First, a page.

Let's start with some facts: The World Health Organization (WHO) says breast cancer is the most common form of cancer in women, both in developed and developing countries; breast cancer is also considered to be the most common cancer type among Filipinos. In 2018, 24,798 Pinays were diagnosed with the disease. Breast cancer is currently the third leading cause of cancer-related death in the Philippines, just behind lung and liver cancer.
How does breast cancer develop?
According to medical oncologist Dr. Meredith Garcia-Trinidad, breast cancer develops when normal cells in the breast change and grow out of control. This abnormal growth usually leads to lumps or skin changes on the affected breast. It can also involve the armpit area when most of the lymph nodes draining the breast can be found.
Dr. Garcia-Trinidad says most cases of breast cancer are "sporadic," which simply means it occurs at random and can also happen to people with no family history of the disease. Only 10 to 15 percent of cases are considered familial. One-third of these cases are due to inherited mutations in breast cancer susceptibility genes such as BRCA1 or BRCA2 (think Angelina Jolie, who underwent a double mastectomy to reduce her chances of developing cancer).
A woman's risk for getting breast cancer is higher if she has a mother, sister, or daughter or multiple family members who have the disease. Most of the risk factors associated with the development of breast cancer are also related to increased or prolonged estrogen exposure. Some of these include early onset of menstruation (before the age of 12), giving birth at an older age (after the age of 35), never having a full-term pregnancy, not breastfeeding, late menopause (after the of age 55), and the use of postmenopausal hormone replacement therapy for a long period of time. Other risk factors include age, lack of physical activity, weight, and alcohol use. But Dr. Garcia-Trinidad also points out that many women who develop breast cancer have no identifiable risk factors other than being female.
How can I know if I have breast cancer?
According to the ICanServe Foundation, a Philippine breast cancer support network, early detection offers the best protection against breast cancer. This means that women should be comfortable enough with their own body to conduct breast self-exams.
Dr. Garcia-Trinidad says women should watch out for a change in the size or shape of their breasts; a lump or area that feels thicker than the rest of the breast; skin changes like redness, rashes, dimpling; changes in nipple appearance; bloody nipple discharge. She also says that breast pain is usually not a symptom of breast cancer, but it can be present in later stages.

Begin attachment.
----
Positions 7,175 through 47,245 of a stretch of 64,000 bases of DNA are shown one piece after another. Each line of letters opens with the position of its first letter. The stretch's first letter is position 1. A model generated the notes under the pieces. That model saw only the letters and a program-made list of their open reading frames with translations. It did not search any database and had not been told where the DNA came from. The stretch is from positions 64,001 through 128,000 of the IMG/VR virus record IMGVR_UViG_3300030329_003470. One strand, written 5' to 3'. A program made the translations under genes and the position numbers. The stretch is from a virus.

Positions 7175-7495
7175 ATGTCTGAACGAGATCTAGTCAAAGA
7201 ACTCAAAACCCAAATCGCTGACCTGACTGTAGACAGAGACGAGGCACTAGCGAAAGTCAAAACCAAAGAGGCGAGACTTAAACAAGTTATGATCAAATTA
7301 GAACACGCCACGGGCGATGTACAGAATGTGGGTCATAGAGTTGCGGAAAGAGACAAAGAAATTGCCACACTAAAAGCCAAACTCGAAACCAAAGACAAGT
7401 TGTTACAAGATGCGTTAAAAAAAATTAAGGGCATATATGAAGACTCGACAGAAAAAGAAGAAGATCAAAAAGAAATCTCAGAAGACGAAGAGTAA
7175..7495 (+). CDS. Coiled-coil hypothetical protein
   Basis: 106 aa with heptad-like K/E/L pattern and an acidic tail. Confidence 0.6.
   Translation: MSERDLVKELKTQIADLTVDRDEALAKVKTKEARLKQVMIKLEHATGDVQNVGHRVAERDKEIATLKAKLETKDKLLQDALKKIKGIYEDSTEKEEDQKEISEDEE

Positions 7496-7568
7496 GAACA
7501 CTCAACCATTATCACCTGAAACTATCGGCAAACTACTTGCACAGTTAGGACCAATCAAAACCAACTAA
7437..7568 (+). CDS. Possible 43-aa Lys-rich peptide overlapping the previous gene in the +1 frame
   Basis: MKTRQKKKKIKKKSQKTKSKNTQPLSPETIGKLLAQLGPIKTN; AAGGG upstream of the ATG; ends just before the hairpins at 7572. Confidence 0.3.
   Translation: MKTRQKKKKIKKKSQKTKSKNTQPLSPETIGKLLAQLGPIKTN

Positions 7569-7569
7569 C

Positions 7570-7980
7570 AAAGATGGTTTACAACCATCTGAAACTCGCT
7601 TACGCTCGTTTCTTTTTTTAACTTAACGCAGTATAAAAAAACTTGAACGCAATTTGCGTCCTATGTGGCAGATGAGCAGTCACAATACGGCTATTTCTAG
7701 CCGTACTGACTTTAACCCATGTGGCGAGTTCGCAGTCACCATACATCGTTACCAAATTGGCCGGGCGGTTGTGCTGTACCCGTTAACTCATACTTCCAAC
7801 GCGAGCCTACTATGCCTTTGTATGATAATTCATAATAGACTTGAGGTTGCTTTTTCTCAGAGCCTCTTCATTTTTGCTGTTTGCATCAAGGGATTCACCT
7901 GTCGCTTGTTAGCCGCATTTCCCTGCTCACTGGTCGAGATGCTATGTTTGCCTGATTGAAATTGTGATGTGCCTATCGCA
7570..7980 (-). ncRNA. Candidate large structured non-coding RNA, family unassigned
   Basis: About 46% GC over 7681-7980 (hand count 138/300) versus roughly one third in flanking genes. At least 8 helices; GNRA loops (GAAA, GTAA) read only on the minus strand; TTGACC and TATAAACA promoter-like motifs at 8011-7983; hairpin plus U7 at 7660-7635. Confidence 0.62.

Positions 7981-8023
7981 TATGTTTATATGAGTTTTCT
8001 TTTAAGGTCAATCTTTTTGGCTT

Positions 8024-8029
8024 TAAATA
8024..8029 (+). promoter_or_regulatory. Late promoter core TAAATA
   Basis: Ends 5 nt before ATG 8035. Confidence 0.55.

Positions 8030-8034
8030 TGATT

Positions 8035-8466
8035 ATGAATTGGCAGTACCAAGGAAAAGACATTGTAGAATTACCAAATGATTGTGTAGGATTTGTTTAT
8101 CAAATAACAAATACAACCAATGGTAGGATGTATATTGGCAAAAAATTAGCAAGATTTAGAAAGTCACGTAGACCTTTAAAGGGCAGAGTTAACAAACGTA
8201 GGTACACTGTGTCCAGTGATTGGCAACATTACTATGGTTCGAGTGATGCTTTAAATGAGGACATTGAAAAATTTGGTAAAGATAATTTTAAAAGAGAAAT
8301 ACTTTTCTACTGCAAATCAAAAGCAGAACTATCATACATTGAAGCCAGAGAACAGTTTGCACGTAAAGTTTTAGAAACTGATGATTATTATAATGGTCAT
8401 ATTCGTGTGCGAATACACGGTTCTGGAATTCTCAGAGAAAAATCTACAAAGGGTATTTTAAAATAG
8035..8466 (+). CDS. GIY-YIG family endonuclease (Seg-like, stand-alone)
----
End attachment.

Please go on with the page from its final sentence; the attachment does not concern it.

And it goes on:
Here's how you conduct a breast self-exam:
Start out by looking at your breasts at a mirror with your shoulders straight and your hands on your hips. Look for any changes like swelling, redness, puckering, or dimpling of your skin. Then, raise your arms over your head and check for the same signs along your skin. Then squeeze your nipples gently to make sure that no fluid or discharge comes out. Finally, use your fingers to firmly check for any bulges, lumps, or bumps. Start at your nipple, moving in circles until you reach your cleavage, chest, and underarm. The ICanServe foundation has a pretty detailed video outlining how to conduct a breast self-exam (including ones in Tagalog and Visayan), if you need a more visual guide.
The best time to perform a self-exam is the week after your period ends. Women, starting at the age of 20, should be performing breast self-exams monthly.
If you do find or feel something unusual in your breast, the next step is to see a doctor for a proper check-up.
The doctor will usually conduct a clinical breast exam and recommend a mammogram if he or she finds anything abnormal. A mammogram is a low-dose X-ray of the breast. Dr. Garcia-Trinidad explains that during a mammogram procedure, each breast is very quickly compressed horizontally then diagonally between two plastic plates in order to take X-ray images of the breast in different views. Some women may feel a slight pain during the procedure, but most women only report some mild degree of discomfort in the process.
If anything unusual is found in the mammogram, the doctor will perform a biopsy in order to check for presence of cancer cells under the microscope. But if you are over the age of 40, a yearly mammogram is recommended.
Why early detection matters
Both the ICanServe Foundation and Dr. Garcia-Trinidad reiterate that the early detection, as well as proper treatment of breast cancer, saves lives. The cure rates are higher for earlier stages of diagnosis.
According to Dr. Garcia-Trinidad, the estimated five-year survival rate for stage 0 breast cancer or cancer that has not yet spread outside of the milk ducts or lobules of the breast and stage 1 invasive cancer is at 100 percent. That survival rate drops to 22 percent once the cancer has already spread outside the breast area.
So if you feel something unusual around your chest area, it might be a good idea to conduct a breast self-exam. Who knows, it might just end up saving your life.
Follow Roxie on Instagram.